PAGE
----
U.S. Hits New Daily COVID Record With 1 Million Cases

By Jason Hall

January 4, 2022

Photo: Getty Images

The United States set a new record for single-day COVID-19 cases on Monday (January 3) after more than 1 million Americans tested positive amid the spike brought on by the omicron variant.

Bloomberg.com reports the 1.062 million reported on Monday nearly doubled the previous record of 590,000 confirmed positive cases, which was set on December 30.

The U.S. total is also more than twice the case count in any other country during any part of the ongoing global pandemic, which is approaching two years in March.

The highest single-day total of confirmed COVID cases outside the U.S. came on May 7, 2021 when India, the world's second most populated nation, reported more than 414,000 cases amid its delta variant surge.

The spike in U.S. cases comes as many Americans have opted to take COVID tests at home, which aren't reported to official government authorities, meaning the totals could be significantly higher than the reported record numbers.

On December 29, the U.S. Centers for Disease Control and Prevention released new estimates on coronavirus cases, which predicted more than 44,000 Americans could die from the virus in January.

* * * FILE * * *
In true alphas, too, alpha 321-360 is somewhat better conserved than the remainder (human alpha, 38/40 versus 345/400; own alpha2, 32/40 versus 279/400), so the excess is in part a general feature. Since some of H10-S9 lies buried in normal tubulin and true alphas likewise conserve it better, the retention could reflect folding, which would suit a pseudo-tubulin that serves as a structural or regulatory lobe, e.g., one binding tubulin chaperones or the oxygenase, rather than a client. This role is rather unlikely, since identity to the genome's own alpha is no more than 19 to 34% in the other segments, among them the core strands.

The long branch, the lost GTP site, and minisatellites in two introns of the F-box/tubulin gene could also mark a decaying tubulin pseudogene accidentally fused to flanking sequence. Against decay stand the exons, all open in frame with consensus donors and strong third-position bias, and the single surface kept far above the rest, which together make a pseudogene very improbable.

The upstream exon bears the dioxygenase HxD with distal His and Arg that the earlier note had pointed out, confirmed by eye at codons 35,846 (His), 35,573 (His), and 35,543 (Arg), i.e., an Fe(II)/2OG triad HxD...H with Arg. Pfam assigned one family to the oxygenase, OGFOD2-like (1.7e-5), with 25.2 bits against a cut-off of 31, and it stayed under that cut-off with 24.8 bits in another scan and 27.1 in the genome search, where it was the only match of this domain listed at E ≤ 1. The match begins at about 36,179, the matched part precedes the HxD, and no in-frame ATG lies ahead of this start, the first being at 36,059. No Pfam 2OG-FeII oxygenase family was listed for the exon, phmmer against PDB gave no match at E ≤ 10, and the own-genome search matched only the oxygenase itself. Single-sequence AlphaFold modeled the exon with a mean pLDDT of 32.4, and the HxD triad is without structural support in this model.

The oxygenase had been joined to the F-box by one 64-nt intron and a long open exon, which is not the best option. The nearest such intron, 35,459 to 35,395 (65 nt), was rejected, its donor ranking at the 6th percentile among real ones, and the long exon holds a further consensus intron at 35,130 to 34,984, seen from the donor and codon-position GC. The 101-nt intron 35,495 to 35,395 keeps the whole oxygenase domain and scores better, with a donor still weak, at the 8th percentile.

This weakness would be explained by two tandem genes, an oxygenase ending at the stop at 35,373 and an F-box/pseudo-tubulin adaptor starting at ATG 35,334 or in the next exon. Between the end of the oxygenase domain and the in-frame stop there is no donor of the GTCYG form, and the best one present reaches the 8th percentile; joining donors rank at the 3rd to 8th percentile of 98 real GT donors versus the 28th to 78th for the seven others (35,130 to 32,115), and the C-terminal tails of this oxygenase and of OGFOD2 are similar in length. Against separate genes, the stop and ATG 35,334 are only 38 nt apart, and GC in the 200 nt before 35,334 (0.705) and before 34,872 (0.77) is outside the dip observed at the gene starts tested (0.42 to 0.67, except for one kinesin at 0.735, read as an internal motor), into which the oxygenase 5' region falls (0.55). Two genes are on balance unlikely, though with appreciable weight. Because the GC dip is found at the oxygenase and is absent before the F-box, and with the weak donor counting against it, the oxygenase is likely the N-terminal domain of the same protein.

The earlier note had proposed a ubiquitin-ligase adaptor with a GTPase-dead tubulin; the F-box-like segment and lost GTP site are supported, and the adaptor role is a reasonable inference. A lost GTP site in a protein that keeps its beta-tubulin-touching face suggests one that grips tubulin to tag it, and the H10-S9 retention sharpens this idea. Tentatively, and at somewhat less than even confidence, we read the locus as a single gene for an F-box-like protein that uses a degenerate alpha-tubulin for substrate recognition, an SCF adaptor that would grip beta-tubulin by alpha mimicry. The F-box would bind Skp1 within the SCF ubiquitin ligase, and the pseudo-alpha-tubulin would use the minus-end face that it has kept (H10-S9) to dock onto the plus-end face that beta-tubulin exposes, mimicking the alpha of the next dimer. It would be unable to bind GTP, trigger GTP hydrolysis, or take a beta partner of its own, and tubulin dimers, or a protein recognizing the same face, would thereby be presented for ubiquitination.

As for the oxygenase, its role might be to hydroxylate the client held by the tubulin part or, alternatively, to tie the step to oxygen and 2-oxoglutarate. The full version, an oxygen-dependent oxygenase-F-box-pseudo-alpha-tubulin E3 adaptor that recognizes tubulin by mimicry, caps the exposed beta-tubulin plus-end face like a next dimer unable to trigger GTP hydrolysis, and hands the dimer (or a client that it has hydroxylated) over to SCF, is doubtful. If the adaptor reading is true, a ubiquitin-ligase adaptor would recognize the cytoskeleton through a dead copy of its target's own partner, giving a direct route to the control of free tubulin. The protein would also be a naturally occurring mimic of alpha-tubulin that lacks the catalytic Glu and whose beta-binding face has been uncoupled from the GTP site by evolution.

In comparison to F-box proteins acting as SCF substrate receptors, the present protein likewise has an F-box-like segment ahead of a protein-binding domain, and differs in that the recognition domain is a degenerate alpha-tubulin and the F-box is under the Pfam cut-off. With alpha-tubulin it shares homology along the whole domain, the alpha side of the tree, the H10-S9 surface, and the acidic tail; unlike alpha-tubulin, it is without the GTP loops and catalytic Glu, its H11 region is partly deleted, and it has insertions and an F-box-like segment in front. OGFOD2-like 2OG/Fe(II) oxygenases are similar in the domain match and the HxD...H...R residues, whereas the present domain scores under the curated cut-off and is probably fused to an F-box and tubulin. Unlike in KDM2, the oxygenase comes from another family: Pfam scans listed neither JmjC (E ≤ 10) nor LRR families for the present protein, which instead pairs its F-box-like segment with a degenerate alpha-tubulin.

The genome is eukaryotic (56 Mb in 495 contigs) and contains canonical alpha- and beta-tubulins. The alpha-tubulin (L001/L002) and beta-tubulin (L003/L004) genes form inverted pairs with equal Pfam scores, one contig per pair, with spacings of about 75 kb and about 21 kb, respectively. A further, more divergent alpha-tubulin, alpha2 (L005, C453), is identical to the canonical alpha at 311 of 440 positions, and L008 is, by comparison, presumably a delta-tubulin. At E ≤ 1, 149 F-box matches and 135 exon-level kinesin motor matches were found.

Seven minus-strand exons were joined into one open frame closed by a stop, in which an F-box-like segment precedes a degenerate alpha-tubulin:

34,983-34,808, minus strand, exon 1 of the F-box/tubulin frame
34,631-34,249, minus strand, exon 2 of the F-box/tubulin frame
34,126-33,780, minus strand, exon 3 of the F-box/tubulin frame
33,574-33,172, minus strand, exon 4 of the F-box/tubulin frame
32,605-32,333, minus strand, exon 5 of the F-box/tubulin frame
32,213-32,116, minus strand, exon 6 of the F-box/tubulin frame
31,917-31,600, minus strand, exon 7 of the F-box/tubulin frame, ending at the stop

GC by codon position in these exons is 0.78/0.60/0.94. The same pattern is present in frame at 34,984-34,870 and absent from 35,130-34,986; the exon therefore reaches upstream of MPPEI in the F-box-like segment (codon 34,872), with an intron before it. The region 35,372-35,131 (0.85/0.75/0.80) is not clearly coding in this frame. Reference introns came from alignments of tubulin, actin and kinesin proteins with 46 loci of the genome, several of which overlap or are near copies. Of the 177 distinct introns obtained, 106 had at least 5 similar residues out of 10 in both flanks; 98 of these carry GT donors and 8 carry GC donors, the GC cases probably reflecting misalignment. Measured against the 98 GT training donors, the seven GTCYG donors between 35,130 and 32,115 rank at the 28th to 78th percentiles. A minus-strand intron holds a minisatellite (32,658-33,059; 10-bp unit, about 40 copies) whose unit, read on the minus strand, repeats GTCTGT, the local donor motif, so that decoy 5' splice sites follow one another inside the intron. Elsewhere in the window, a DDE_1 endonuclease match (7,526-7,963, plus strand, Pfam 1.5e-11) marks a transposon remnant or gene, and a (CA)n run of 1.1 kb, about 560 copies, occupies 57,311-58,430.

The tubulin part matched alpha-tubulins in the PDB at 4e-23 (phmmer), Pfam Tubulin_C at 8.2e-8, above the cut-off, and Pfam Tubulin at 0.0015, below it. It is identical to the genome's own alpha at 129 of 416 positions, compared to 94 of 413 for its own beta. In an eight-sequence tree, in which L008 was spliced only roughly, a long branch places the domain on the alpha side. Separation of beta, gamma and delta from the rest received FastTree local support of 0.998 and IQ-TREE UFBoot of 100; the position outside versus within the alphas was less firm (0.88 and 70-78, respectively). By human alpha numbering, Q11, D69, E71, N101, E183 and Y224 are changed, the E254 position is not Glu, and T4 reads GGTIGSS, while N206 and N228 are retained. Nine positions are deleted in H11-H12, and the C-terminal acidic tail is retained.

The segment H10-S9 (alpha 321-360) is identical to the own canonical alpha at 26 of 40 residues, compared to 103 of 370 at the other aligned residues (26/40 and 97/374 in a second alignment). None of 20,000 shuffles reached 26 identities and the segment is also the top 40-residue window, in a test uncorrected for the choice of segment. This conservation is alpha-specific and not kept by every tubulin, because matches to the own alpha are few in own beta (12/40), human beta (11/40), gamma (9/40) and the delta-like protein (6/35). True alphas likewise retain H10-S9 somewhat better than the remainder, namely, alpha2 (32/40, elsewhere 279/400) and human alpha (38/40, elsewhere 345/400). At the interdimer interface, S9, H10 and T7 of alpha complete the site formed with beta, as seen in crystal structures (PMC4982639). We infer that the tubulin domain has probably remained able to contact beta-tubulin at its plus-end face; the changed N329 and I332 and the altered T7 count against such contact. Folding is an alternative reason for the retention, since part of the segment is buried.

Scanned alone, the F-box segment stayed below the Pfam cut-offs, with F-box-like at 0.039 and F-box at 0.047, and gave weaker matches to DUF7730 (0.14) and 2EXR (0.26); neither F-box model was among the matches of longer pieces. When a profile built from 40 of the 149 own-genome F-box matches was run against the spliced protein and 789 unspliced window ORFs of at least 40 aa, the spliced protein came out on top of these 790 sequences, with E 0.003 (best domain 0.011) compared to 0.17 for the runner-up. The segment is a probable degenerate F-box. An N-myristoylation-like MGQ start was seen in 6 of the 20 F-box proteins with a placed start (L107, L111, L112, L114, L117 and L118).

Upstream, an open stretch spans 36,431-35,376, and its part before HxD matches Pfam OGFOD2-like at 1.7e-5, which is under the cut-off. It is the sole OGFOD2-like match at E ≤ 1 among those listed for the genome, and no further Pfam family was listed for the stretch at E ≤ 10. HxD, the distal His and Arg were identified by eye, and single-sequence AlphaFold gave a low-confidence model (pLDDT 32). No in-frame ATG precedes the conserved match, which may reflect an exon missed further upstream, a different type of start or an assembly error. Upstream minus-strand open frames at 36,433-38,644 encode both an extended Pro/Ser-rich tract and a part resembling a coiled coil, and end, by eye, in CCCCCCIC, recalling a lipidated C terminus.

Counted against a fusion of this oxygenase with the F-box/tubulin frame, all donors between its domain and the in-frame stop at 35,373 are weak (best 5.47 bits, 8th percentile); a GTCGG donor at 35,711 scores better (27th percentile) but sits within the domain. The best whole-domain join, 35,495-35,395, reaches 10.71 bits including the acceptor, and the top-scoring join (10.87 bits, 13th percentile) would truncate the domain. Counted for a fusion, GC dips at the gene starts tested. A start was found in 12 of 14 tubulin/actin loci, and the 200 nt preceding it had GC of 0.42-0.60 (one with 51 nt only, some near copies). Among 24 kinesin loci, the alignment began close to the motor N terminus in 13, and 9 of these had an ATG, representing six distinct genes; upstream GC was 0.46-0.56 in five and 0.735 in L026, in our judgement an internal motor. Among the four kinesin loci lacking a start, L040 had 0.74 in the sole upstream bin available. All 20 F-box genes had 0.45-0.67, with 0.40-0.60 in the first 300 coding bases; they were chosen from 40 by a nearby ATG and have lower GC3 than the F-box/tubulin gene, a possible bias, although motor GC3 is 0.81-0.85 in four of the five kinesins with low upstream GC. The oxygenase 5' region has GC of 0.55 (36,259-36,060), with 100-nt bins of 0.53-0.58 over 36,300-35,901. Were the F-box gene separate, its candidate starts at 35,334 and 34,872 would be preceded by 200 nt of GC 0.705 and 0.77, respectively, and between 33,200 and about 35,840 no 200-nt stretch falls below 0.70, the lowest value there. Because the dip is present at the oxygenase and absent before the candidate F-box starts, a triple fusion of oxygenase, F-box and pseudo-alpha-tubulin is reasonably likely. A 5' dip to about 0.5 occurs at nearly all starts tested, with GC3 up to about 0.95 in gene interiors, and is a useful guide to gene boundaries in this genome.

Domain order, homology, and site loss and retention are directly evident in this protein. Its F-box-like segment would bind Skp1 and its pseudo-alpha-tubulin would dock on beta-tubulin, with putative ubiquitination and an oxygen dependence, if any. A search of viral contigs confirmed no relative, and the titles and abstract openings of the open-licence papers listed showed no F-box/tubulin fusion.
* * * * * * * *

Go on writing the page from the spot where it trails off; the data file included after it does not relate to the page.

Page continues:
The CDC reports the death toll in relation to the virus has already increased by about 18%, with an average of 1,546 deaths per day, according to the data released by the agency.

The data also showed the U.S. hit a new seven-day average record of 277,000 new cases per day, which surpassed a previous record of 250,000 cases per day set in January.

Meanwhile, the CDC recently changed its guidance to shorten isolation for asymptomatic cases from 10 to five days this week.

"We know that the most amount of transmission occurs in those one to two days before you develop symptoms (to) those two to three days after you develop symptoms," CDC Director Dr. Rochelle Walensky told CNN. "And if you map that out, those five days account for somewhere between 85% to 90% of all transmission that occurs."

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